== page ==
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comment by Devac

About C++, isn't that mainly valid to pre-2011 standard? I know that you can still compile and execute outrageous code but with the introduction of pointer ownership (shared, weak, unique) and classes like allocator in Memory headers (or the ones in Boost, ie Smart Pointers) it seems like something that's at least easier to avoid. At least if you can be bothered enough to think about and understand what you are doing instead of crossing your fingers and hoping for the best. ;)

Although the same thing seems to apply to Rust. You can still write insecure code, it's just not available by default. Even then you have to be aware that it's a language where something as simple as integer casting, a problem present since the early days of C, persist within Rust as undefined behaviours despite being a security-oriented replacement.

That said, it does not seem like a good use of your time. At some point, you have to realise that you are basically reinventing or working around the garbage collector for almost no gain. I will still use C++ for a long time, but Rust is a good thing to learn in place of pure C.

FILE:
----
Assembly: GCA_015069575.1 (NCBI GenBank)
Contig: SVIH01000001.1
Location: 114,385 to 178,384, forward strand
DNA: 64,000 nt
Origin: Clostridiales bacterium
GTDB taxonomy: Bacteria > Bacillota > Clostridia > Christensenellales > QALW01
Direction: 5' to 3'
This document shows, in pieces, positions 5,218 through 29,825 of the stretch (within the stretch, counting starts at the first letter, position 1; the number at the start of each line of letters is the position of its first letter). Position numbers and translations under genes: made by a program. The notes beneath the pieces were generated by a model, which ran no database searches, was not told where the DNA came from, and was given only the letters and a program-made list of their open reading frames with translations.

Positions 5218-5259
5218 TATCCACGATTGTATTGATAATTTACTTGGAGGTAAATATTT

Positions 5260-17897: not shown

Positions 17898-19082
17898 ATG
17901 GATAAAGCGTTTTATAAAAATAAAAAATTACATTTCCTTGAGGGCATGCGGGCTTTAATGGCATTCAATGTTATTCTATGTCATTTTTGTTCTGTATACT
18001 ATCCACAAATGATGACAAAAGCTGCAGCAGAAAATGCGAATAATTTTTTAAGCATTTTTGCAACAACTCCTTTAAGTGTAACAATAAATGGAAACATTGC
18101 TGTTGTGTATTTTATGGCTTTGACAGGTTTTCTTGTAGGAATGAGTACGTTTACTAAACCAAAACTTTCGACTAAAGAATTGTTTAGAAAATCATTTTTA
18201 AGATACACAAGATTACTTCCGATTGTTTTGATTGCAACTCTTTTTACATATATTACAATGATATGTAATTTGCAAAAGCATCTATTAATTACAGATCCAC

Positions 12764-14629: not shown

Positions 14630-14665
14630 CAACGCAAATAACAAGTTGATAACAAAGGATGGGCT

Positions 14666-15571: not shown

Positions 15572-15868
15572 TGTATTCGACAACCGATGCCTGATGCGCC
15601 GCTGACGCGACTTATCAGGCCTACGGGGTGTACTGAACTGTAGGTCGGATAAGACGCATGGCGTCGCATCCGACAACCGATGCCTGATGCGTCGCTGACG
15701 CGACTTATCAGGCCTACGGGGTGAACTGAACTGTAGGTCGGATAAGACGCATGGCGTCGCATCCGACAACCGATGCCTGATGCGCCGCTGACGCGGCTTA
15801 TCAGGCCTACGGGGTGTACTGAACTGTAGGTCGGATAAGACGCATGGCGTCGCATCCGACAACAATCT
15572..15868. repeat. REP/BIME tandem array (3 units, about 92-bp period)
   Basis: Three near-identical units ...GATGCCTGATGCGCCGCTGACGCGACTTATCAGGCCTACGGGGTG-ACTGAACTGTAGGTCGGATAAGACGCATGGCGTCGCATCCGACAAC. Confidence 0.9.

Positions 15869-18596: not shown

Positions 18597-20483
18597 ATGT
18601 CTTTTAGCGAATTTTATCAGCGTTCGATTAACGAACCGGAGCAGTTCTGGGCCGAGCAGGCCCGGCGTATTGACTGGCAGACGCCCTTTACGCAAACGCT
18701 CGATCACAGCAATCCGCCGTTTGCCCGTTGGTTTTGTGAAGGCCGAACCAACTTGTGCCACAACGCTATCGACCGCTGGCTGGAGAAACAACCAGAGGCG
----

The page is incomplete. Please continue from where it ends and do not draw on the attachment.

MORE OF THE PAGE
lm  ·  631 days ago  ·  link  ·  

Yep, smart pointers and "modern" (post-2011) C/C++ features are very nice, and fix at least the low hanging fruit of what's wrong with those languages. However, you have to use them religiously and your libraries also have to use them to get their benefits. Rust at least forces you and library developers to write safe code by default.

Not to say C++ is necessarily a bad language...it's probably the language I know best, so I feel justified in complaining about it, but I'll admit that it's very good at what it does (especially considering its age) and Rust isn't quite there yet as a full replacement.